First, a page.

how to create barcode in vb.net 2008 The Basics on LEDs in Software

Creation ANSI/AIM Code 128 in Software The Basics on LEDs

1.13 The Basics on LEDs
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How does an LED work The following outlines some basic principles of an LED. White LEDs need 3.6 V DC and use approximately 30 milliamps of current; a power dissipation of 100 milliwatts (mW). The positive power is applied to one side of an LED semiconductor through a lead often called an anode, and another lead called a whisker. The other side of the semiconductor is attached to the top of the anvil. This is the negative power lead, which is called the cathode. It is the chemical makeup of the LED semiconductor that determines the color of the light the LED produces.
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The epoxy resin enclosure has three functions. It is designed to allow the most light to escape from the semiconductor, it focuses the light and protects the LED semiconductor from the elements. The entire LED unit is totally embedded in an epoxy. This is what make LEDs virtually indestructible. There are no loose or moving parts within the solid epoxy enclosure. Thus, a light-emitting diode (LED) is essentially a PN junction semiconductor diode that emits light when current is applied. It is a solid-state device that controls current without heated filaments and is therefore highly reliable. LED performance is based on a few primary characteristics:
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Monochromatic LEDs
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LEDs are highly monochromatic, emitting a pure color in a narrow frequency range. The color emitted from an LED is identified by a peak wavelength (Lpk) and measured in nanometers (nm). See Fig. 1.11. Peak wavelength is a function of the LED chip material. Although process variations are 10 nm, the 565 to 600 nm wavelength spectral region is where the sensitivity level of the human eye is highest. Therefore, it is easier to perceive color variations in yellow and amber LEDs than other colors. LEDs are made from gallium-based crystals that contain one or more additional materials (such as phosphorous) to produce a distinct color. Different LED chip technologies emit light in specific regions of the visible light spectrum and produce different intensity levels. See Table 1.3.
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550 Wavelength (nm)
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FIGURE 1.11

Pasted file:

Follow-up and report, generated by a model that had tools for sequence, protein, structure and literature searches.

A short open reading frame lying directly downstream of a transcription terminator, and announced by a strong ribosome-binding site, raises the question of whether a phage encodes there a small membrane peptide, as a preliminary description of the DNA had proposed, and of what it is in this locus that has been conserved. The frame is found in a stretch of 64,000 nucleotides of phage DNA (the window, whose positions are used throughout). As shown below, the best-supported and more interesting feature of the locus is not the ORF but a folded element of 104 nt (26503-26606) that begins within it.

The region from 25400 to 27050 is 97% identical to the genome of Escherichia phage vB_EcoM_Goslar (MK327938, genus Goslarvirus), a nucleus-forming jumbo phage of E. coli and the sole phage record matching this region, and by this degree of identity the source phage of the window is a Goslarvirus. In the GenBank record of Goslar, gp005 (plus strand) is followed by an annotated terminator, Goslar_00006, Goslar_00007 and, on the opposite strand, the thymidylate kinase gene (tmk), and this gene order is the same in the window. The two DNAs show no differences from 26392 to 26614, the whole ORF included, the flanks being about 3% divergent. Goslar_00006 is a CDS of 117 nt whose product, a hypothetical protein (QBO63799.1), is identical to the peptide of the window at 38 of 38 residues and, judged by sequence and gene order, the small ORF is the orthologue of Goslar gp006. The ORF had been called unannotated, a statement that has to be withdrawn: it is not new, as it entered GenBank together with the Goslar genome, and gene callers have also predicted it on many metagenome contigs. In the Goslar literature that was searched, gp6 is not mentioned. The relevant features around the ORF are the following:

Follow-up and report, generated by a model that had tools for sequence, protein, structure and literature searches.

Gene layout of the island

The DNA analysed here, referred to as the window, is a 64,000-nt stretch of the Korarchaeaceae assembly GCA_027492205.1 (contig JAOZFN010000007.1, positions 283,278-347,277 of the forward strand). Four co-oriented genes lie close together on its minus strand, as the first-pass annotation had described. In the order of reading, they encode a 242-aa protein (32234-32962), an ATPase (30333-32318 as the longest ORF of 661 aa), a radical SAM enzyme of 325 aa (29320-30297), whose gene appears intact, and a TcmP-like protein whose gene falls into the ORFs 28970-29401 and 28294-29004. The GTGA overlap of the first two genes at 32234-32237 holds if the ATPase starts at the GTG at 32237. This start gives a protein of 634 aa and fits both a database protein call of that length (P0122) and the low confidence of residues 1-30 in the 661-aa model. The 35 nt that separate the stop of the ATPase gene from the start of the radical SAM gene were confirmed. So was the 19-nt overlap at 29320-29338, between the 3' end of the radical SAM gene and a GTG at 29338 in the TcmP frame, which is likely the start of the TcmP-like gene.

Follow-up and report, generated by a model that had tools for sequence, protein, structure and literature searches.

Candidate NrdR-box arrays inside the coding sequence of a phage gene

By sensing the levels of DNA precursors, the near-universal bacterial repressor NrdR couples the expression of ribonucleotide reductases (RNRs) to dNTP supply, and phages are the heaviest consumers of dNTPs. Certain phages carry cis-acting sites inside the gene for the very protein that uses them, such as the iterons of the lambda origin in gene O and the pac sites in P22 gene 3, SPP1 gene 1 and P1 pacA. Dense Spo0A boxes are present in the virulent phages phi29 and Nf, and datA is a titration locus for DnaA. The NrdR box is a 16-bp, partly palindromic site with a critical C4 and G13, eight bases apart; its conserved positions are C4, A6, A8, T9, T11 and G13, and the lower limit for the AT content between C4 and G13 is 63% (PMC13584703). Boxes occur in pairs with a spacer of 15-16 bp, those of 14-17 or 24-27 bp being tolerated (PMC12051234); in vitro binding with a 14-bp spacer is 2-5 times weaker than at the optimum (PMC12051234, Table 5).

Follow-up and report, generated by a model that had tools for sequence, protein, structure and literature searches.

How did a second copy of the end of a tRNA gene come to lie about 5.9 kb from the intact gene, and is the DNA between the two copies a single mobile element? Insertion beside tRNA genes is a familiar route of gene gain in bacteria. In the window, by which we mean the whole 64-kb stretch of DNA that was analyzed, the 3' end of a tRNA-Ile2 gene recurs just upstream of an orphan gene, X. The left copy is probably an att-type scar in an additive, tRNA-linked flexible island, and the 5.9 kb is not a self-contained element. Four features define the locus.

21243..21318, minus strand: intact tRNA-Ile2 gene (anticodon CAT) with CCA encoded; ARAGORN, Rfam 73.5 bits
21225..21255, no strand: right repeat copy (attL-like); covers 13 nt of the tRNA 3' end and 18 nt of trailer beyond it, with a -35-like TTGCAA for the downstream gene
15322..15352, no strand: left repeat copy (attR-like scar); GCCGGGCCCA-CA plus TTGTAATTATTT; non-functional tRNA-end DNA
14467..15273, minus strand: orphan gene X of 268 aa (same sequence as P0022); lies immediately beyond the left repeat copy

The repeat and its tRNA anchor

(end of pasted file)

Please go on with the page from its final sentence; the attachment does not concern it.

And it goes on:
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An LED peak wavelength (Lpk). (See also color insert.)
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Standard Brightness LED Color Red Orange Amber Yellow Green Blue High Brightness
Chip lpk Iv Viewing Chip lpk Iv3 Viewing Material (nm) (mcd) Angle Material (nm) (mcd) Angle GaAsP/ GaP GaAsP/ GaP GaAsP/ GaP GaP GaP 635 605 583 570 565 120 90 100 160 140 35 30 35 30 24 AS AlInGaP AS AlInGaP AS AlInGaP GaN GaN GaN 635 609 592 520 495 465 900 30 1,300 30 1,300 30
1,200 45 2,000 30 325 45
Turquoise
TABLE 1.3 Comparison of Chip Technologies for Wide-Angle Non-Diffused LEDs
(See also color insert.)
LED White Light
When light from all parts of the visible spectrum overlap one another (Fig. 1.12), the additive mixture of colors appears white. However, the eye does not require a mixture of all the colors of the spectrum to perceive white light. Primary colors from the upper, middle, and lower parts of the spectrum (red, green, and blue), when combined, appear white. To achieve this combination with LEDs requires a sophisticated electrooptical design to control the blend and diffusion of colors. Variations in LED color and intensity further complicate this process. Presently, it is possible to produce white light with a single LED using a phosphor layer (Yttrium Aluminum Garnet) on the surface of a blue (Gallium Nitride) chip. Although this technology produces various hues, white LEDs may be appropriate to illuminate opaque lenses or backlight legends. However, using colored LEDs to illuminate similarly colored lenses produces better visibility and overall appearance.
FIGURE 1.12 The structure of an LED to produce a mixture of light: white light.
Photometer Iv (mcd) LED
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LED Intensity
LED light output varies with the type of chip, encapsulation, efficiency of individual wafer lots, and other variables. Several LED manufacturers use terms such as superbright and ultrabright to describe LED intensity. Such terminology is entirely subjective since there is no industry standard for LED brightness. The amount of light emitted from an LED is quantified by a singlepoint on-axis luminous intensity value (Iv). LED intensity is specified in terms of millicandela (mcd). This on-axis measurement is not comparable to mean spherical candlepower (MSCP) values used to quantify the light produced by incandescent lamps. Luminous intensity is roughly proportional to the amount of current (If) supplied to the LED. The greater the current, the higher the intensity. Of course, design limits exist. Generally, LEDs are designed to operate at 20 milliamps (mA). However, the operating current must be reduced relative to the amount of heat in the application. For example, six-chip LEDs produce more heat than single-chip LEDs because they incorporate multiple wire bonds and junction points that are affected more by thermal stress than single-chip LEDs. Similarly, LEDs designed to operate at higher design voltages are subject to greater heat. LEDs are designed to provide lifelong operation because of optimal design currents, considering heat dissipation and other degradation factors.
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